This international conference is convened by St. Patrick's College, Drumcondra, Dublin and Université Sorbonne Nouvelle, Paris 3 and will take place in St. Patrick's College, Dublin.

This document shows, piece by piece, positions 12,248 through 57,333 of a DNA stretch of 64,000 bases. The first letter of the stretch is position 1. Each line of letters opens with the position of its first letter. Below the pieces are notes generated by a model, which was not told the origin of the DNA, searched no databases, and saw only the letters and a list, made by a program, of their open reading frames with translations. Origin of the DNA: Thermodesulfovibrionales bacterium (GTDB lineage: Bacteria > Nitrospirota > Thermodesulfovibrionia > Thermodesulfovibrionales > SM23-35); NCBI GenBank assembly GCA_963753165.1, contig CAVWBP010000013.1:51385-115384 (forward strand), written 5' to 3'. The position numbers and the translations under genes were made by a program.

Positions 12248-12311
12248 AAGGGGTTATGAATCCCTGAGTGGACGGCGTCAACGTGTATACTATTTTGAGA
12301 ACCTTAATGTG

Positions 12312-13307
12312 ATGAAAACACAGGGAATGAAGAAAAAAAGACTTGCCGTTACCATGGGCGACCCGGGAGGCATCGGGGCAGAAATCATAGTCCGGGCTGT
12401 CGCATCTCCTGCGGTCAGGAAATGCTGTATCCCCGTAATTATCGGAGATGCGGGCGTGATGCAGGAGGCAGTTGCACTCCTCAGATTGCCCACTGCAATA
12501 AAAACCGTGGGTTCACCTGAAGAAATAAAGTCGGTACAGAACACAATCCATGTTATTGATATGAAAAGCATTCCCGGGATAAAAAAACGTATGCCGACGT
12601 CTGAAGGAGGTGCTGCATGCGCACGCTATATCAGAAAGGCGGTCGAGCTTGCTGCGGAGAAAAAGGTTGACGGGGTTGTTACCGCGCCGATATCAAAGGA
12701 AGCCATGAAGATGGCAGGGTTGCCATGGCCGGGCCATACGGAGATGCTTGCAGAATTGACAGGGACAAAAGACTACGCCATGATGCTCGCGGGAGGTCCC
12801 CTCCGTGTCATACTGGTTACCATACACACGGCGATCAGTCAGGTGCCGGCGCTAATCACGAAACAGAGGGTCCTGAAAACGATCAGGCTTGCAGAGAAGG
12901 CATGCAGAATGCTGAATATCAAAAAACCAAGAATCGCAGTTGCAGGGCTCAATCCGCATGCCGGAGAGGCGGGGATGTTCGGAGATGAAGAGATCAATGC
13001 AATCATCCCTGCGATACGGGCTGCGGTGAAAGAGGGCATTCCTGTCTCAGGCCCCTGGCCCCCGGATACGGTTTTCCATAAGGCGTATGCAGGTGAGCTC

The conference will explore representations of purgatory in Irish literature and culture and examine its significance to the past and relevance to the contemporary moment. Ideas and images of purgatory proliferate in Irish literature. They are present in Irish folktales and in the literature of barren landscapes and liminal spaces of modern and contemporary Irish writers such as Beckett, Yeats, Heaney and MacPherson. The story of the revelation of purgatory to St. Patrick on Station Island in Lough Derg is commemorated in many medieval texts such as Marie France's twelfth-century poem, The Legend of the Purgatory of Saint Patrick. The idea of purgatory is a central concept in Irish literature and culture. Catholic doctrine defines purgatory as a place or state of temporal punishment where souls are cleansed of any stain of sin before entering into the presence of God. This notion of exile and separation has acute resonances for Irish social and cultural history. The doctrine on purgatory also allows that the living may intercede on behalf of the dead and help them gain remission for their wrongdoings, a concept that impacts on notions of community and impinges on the national imagination. The annual celebration of Halloween on the eve of November, month of the dead, ensures the continuance of an awareness of the living dead in popular culture.